Cypriot Graduates Face Skills Mismatch in Job Market

Title: Nearly Half of Cyprus Graduates Feel Overqualified for Their Jobs, Study Reveals

In a recent study conducted by the department of higher education of the education ministry, it has been revealed that approximately 46 percent of Cypriot graduates consider themselves overeducated for their current positions. This sentiment underscores a broader issue of skills mismatch that has become a major cause of concern within Cyprus and across Europe.

The study, which is part of the ‘Addressing skills mismatch between education and the labour market’ initiative funded by the EU Recovery and Resilience Plan, highlights that the main challenge is not merely improving skill levels but ensuring that individuals with the right skills are matched with suitable jobs.

The European Centre for the Development of Vocational Training (Cedefop) has echoed this sentiment, emphasizing the need for alignment between skills and job requirements. The study points out various types of skills mismatches, such as overeducation, undereducation, horizontal mismatch, over-skilling, and skills obsolescence, all contributing to rising unemployment and difficulties for individuals in transitioning from education to the labor market.

Despite the recognition of skills mismatches as a significant national challenge, data on the type and extent of these mismatches in Cyprus remain limited. The study aims to fill this gap by collecting data on graduates’ career paths post-higher education and the labor market’s current and future skill needs.

Interestingly, undereducation seems to be less of an issue, with a small percentage of graduates reporting lower education levels than required by their jobs. However, in fields like natural sciences, there is a notable percentage of graduates who feel undereducated.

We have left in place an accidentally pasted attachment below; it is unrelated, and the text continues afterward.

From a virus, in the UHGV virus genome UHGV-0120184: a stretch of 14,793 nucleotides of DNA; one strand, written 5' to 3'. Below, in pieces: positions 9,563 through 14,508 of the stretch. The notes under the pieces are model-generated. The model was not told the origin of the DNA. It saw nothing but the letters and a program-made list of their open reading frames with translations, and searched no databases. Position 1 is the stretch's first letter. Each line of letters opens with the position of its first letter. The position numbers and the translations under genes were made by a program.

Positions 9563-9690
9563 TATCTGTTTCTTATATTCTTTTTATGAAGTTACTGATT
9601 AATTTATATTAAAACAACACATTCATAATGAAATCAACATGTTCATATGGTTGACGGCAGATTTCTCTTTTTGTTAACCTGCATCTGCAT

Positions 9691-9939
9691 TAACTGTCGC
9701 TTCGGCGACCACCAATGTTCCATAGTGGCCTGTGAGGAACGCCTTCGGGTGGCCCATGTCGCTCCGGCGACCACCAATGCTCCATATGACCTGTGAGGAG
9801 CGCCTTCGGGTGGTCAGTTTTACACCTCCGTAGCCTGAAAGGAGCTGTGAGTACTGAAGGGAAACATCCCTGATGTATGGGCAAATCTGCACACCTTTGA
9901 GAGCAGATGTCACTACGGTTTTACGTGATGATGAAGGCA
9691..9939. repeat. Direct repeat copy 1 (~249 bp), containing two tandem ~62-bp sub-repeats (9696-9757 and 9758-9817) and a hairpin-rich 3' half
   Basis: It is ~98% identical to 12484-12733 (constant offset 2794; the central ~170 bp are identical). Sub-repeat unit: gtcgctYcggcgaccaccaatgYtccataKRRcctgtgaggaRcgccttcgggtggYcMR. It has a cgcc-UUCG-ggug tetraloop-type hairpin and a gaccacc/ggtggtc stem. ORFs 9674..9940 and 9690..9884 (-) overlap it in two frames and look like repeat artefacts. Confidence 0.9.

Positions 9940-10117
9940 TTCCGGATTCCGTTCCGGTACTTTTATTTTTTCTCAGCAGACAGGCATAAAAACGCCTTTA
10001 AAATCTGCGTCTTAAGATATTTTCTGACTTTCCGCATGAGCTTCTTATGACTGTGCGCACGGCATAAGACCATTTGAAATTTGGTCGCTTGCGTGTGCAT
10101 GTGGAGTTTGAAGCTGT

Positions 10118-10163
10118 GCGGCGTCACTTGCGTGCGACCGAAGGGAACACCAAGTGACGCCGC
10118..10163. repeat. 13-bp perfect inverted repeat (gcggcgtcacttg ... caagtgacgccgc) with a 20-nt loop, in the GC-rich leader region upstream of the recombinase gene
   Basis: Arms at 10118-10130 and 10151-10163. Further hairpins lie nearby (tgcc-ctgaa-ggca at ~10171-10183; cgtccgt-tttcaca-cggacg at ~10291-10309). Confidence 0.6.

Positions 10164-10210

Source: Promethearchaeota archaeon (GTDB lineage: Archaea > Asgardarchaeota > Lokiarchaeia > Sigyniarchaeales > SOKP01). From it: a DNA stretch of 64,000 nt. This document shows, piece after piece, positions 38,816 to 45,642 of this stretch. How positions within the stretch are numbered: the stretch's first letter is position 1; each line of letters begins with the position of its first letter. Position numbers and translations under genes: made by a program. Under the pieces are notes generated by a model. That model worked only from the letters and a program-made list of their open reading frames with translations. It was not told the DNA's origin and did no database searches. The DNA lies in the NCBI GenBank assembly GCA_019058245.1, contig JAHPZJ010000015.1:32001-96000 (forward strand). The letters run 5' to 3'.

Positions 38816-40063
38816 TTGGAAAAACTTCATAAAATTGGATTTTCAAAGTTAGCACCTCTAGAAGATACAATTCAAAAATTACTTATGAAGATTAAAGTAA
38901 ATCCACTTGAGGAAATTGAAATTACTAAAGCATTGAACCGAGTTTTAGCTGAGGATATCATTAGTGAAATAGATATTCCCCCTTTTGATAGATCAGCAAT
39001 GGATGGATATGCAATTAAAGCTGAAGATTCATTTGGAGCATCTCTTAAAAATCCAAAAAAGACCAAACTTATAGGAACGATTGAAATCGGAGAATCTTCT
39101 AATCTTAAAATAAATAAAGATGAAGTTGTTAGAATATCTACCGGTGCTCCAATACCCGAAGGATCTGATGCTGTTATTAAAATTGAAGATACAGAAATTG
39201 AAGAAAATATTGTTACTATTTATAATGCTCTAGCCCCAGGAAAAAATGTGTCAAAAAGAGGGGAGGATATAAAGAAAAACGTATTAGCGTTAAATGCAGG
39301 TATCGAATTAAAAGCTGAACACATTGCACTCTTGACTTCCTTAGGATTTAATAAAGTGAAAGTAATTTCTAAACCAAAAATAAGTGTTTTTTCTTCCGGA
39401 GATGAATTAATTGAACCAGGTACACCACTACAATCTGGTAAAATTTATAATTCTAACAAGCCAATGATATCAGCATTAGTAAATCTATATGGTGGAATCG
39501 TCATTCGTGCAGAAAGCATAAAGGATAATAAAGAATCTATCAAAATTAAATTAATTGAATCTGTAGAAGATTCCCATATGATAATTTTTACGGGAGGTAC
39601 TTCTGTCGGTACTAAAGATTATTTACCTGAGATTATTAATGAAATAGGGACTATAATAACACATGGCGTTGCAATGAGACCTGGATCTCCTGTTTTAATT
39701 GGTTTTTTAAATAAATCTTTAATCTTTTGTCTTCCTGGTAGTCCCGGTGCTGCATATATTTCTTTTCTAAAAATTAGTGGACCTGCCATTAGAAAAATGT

The study also measured over-skilling and under-skilling by asking graduates to rate their proficiency in various skills against the levels required by their jobs. Results indicated that for almost all assessed skills, graduates rated their own level as significantly higher than necessary for their current roles, suggesting a prevalence of over-skilling.

This comprehensive study sheds light on the critical issue of skills mismatch in Cyprus and serves as a call to action for policymakers to address these challenges proactively. As Europe continues to navigate its labor market dynamics, aligning education with job market needs remains a priority for fostering economic growth and reducing unemployment.

For more detailed insights and updates on this topic, follow the Cyprus Mail on Google News.

Skills mismatch

Do you have any questions about the topic of this publication?

Send a request and get a free consultation:

Business Cyprus News, Discover innovative Cyprus Co.

Thanks for the apply!
We will get back to you within 1 business day
In the meantime, you can get a free consultation from our AI assistant:​